After 15 years teaching second and third grade at Burney Elementary, a 350-student school 30 minutes outside Tampa, Emily Lee set up her classroom this month to welcome three- and four-year-olds for pre-K. It’s a change she has embraced, she said, a chance to get kids on the right path in their educational journey from a young age.
But as instruction began in most of Florida this past week, there are other changes that make Lee anxious about the new school year. Contentious laws went into effect during the summer recess that restrict how schools teach topics linked to race and sexual orientation. New avenues were created for parents to sue teachers and challenge instructional materials. Math textbooks have been culled for traces of critical race theory. Schools for the first time will have to observe “Victims of Communism Day,” during which high schoolers will be taught anti-communism lessons.
Lee is suddenly worried about the books she is putting in her classroom library – or whether to have one at all – and wondering if a parent will complain if a student with two moms shares stories from home during class time.
“There has never been this level of politics injected into our job,” Lee said.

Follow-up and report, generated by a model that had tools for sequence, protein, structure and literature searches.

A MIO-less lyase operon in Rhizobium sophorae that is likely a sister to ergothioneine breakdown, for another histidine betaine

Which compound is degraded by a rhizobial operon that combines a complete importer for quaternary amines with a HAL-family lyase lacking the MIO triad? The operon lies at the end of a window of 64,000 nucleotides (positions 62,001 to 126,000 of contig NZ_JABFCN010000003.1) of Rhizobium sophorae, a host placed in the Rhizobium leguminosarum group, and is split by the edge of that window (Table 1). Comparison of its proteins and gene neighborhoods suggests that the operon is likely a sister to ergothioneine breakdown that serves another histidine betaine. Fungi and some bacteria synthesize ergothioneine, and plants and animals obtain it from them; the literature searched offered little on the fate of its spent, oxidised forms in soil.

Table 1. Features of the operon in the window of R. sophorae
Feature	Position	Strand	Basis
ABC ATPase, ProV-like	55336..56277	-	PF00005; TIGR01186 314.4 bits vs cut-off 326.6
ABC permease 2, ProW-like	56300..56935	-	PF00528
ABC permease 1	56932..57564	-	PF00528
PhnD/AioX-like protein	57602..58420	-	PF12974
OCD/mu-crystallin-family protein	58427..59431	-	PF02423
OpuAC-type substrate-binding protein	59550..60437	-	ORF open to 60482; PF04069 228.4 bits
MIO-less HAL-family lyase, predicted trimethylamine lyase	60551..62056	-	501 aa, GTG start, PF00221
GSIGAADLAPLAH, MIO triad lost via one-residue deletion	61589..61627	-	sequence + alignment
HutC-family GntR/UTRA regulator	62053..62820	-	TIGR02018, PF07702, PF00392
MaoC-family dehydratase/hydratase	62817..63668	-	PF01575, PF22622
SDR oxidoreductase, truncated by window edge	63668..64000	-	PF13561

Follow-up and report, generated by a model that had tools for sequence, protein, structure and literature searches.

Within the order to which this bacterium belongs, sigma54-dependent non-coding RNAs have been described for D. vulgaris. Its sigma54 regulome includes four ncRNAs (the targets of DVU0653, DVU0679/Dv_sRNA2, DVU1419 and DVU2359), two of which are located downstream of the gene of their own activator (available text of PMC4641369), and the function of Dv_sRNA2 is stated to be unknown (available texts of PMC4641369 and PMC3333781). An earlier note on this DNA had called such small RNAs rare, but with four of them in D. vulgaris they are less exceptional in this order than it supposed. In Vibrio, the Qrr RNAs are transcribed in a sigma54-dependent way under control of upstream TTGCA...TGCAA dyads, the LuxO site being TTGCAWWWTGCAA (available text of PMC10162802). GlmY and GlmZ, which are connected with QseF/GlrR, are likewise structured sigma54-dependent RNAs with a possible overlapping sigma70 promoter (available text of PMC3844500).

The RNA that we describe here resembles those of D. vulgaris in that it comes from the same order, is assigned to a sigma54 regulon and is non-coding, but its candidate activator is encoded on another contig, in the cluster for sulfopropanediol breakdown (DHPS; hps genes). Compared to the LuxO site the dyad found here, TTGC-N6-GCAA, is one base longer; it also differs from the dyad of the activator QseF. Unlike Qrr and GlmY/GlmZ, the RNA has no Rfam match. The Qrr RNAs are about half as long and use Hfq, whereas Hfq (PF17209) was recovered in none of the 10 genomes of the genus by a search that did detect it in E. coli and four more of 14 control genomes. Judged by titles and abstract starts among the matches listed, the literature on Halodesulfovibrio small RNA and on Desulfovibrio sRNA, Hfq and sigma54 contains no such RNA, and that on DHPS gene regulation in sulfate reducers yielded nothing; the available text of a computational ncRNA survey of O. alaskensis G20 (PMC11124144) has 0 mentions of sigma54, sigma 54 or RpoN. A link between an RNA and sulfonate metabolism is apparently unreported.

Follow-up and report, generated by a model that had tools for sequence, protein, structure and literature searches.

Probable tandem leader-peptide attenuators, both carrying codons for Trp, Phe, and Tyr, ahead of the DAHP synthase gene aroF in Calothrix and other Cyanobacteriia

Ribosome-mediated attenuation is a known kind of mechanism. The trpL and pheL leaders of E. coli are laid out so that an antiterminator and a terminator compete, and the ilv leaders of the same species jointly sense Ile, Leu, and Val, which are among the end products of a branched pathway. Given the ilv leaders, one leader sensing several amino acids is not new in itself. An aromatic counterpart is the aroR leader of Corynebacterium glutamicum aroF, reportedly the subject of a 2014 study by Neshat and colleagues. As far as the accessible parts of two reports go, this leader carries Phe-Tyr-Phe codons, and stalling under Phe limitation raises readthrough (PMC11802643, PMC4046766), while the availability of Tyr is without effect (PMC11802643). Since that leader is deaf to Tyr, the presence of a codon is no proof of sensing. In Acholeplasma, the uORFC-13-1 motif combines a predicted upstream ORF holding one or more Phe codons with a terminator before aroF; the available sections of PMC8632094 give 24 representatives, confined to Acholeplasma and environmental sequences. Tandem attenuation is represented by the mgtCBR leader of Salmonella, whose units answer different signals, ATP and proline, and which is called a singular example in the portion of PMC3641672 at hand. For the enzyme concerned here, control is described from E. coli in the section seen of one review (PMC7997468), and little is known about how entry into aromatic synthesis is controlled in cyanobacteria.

Across the state, teachers like Lee are returning to classrooms that are now the focal point of an intensifying political divide. In the middle of the debate is Gov. Ron DeSantis, the state’s Republican leader and a potential 2024 presidential candidate, who has sought to remove what he calls “woke ideology” from the classroom.
By leading the fight, DeSantis has tapped into the same parental angst over coronavirus classroom rules and school curriculum that fueled Republican Glenn Youngkin’s victory in Virginia last year, but to the nth degree. He has engaged in a full-scale effort to reshape school boards by endorsing about two dozen conservative candidates who vow to support his education agenda.
Recently, his administration told school districts to ignore new guidance from the federal government intended to protect transgender students from discrimination.
“We have drawn a very clear line in the sand that says our school system is for educating kids not indoctrinating them,” DeSantis said last month in a vigorous call to arms for parents to join him in his education fight.